Come on summer, bring on your burning sun and the heat…your scorching, broiling days. It did pour a bit on July 4th, and we had to drive back home unhappy that night, without having seen the firework show at the famous USS Battleship, in Camden. But it is getting unbelievable warmer these days, with temperatures hopping beyond mid-90’s in Fahrenheit. And they say that mercury would only soar high this week, and rise in the next few days in this part of New Jersey. No respite…not until this weekend, said the Weatherman on TV yesterday.
I stepped out for some essentials this evening and it didn’t feel like I should have. It was hot, dry and discomforting, like someone was blowing a big, huge hair dryer on my face. Looked like the stand alone trees, the mirage roads, the air, the sky, the almost fuming earth, my car and I — everyone needed a shower!
This and all made me homesick today. I wanted to run back (if I could!) to Ma-Baba into that colony house in the small town I grew up in. Those days, we didn’t have air-conditioners in my house. Traditional ceiling fans made more noise than doing their jobs with circulating air in our rooms (even when set at their highest speed). So we had to rely on our two old-world style evaporative air-coolers. These air coolers were these big, heavy electrical boxes with an inner lining of wood wool on three sides (that would soak in the water), and a motor-powered fan on the fourth, which would evaporate the water and circulate the cool air out into our rooms. These coolers were usually mounted on a metal stand to bring them to the window-level heights. Before the onset of summer months each year, it was Papa’s, my brother’s and my responsibility to hold and carry both the heavy cooler boxes along with their stands from our Garage (where they are blissfully abandoned to rest during the winter months), and half-around our house to reach outside one of our bedrooms and our guest room (their destination in summers). We would then clean them, fill in water and switch on after a bit to catch some of the “cool” our cooler would pass on.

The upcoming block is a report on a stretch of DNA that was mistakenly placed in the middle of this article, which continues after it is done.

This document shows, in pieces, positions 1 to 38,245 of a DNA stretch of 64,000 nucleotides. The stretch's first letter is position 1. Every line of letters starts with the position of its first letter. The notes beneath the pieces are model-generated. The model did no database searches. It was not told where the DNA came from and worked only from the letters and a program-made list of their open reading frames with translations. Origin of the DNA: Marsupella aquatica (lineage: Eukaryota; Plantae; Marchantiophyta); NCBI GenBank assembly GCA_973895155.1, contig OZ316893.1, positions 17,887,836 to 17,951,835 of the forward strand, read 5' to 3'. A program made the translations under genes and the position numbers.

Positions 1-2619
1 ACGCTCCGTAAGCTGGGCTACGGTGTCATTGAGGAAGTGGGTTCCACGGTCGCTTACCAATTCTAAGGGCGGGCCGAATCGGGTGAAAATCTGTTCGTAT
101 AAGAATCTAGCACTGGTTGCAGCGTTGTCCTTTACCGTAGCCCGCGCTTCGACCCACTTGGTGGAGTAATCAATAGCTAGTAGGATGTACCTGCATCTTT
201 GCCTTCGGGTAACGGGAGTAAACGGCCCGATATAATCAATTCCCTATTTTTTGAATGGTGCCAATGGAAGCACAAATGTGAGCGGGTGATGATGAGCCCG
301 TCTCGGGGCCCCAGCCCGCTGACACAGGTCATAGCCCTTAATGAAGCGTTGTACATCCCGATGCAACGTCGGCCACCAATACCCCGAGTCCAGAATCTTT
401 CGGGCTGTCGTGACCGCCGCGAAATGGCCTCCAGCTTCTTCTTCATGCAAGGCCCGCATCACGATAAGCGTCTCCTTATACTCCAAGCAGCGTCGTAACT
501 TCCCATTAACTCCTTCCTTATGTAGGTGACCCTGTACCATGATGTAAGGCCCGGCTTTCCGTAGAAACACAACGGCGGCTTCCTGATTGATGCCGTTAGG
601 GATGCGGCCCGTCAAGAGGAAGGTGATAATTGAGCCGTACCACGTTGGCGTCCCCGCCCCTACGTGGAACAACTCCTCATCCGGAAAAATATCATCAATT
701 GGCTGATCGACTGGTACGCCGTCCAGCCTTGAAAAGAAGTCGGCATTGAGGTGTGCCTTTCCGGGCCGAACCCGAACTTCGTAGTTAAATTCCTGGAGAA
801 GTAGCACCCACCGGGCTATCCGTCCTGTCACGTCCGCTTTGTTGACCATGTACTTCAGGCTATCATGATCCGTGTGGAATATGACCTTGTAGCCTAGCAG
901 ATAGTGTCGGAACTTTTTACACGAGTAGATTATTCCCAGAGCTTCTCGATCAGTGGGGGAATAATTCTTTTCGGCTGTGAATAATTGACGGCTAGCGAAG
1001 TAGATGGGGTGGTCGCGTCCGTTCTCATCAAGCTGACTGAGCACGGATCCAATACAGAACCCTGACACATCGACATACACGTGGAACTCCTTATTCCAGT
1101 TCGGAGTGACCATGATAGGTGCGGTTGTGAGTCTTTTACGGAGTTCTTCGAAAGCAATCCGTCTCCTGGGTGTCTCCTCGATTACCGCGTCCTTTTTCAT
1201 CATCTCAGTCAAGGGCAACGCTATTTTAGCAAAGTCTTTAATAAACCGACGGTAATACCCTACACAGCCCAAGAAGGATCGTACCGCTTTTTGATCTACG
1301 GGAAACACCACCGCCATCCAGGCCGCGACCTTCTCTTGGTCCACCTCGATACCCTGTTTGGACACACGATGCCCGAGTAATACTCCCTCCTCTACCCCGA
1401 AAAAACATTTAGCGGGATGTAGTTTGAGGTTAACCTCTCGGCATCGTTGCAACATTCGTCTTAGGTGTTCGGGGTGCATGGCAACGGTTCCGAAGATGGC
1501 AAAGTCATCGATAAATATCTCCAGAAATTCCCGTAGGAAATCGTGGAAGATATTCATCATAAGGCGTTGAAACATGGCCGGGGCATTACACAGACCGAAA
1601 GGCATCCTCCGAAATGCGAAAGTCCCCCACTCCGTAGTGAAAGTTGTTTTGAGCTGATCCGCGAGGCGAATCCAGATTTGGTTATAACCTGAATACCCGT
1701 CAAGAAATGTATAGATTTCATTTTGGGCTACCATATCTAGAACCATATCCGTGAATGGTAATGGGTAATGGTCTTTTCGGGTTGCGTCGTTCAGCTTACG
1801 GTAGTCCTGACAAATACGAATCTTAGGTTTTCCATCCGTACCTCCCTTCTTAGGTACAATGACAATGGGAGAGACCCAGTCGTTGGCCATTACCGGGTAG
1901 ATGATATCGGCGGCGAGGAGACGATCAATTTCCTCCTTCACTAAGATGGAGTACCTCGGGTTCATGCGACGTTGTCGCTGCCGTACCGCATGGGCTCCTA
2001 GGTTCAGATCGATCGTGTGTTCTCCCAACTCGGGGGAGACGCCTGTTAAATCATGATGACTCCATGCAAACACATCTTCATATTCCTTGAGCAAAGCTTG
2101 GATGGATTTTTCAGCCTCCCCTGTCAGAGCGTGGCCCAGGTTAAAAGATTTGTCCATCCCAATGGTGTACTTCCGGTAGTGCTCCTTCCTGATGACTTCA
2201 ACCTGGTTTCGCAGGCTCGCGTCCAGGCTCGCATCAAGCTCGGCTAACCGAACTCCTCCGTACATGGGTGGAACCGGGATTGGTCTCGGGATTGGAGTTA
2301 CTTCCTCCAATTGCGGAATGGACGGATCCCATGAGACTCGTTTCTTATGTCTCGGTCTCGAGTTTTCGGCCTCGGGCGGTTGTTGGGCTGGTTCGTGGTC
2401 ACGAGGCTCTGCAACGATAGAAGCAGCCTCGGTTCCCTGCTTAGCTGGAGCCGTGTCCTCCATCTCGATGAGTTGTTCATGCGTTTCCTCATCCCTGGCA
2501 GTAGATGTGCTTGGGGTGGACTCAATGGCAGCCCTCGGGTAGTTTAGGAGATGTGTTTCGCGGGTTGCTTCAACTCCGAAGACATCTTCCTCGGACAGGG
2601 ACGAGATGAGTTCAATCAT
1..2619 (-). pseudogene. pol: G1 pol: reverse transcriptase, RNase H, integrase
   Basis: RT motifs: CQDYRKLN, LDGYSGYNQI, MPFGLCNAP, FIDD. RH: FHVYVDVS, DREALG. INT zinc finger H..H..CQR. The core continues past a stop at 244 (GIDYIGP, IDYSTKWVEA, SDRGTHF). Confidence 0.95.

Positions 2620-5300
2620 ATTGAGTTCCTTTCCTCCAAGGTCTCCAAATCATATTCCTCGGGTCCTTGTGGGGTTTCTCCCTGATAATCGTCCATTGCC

In the Northern regions of India, summers aren’t easy. Because they bring along Loo, or the strong arid dry winds originating from the Great Indian Desert that blows over the Indo-Gangetic plain until late summer. Loo’s are dreaded because they cause heat-strokes. So when rest of the world went to beaches in bikinis and shorts or felt like reducing down the length and load of their clothing to catch some breeze in summer, people in that part of India would have to go out all wrapped up to cover skin and head and minimize exposure to the heat and Loo. And perks for those who brave this heat outdoors? Well there are more than one. A thin and tall glass of chilled sugarcane juice, traditional creamy Kulfi-Falooda (Indian Ice-cream), the sweetest and best mangoes on earth, fresh made lemonade with mint, Aam-Panna (Indian-Green Mango drink), watermelons and slices of cucumbers rubbed with spicy salts/chutneys, among others — the summer specials, at roadside stalls. Your growing up in North India doesn’t count if you haven’t had these foods!
The part of central Uttar Pradesh where I lived, was very close to Lucknow, the capital of the state. It takes pride in it’s Kulfi, claiming them to be the world’s best. The region seriously can boast of some superb Kulfi served with traditional Mughal-style Falooda, that you’ll find nowhere else. Kulfi is a popular traditional Indian ice-cream that is rich, dense and made out of unwhipped cream. Customarily, they are made to freeze and form in closed/sealed containers. Falooda is yet another favorite cold India dessert that is very commonly served with Kulfi, and are starchy translucent noodles, often accompanied with rose or other flavored syrups. Both Kulfi and Falooda owes their origin to Persia and were introduced in India by the invading Mughal Kings. Agra in Uttar Pradesh being the headquarters of Mughal empire, it is no wonder why you’d find the best of Mughal culinary traditions still deeply rooted in this state. Kulfi’s are still sold in most parts of India in big round earthen pot — containing the sealed Kulfi-metal cone-molds — and covered with a bright Red cloth soaked in water, to reflect back heat and to keep the pot and the Kulfi within, cold .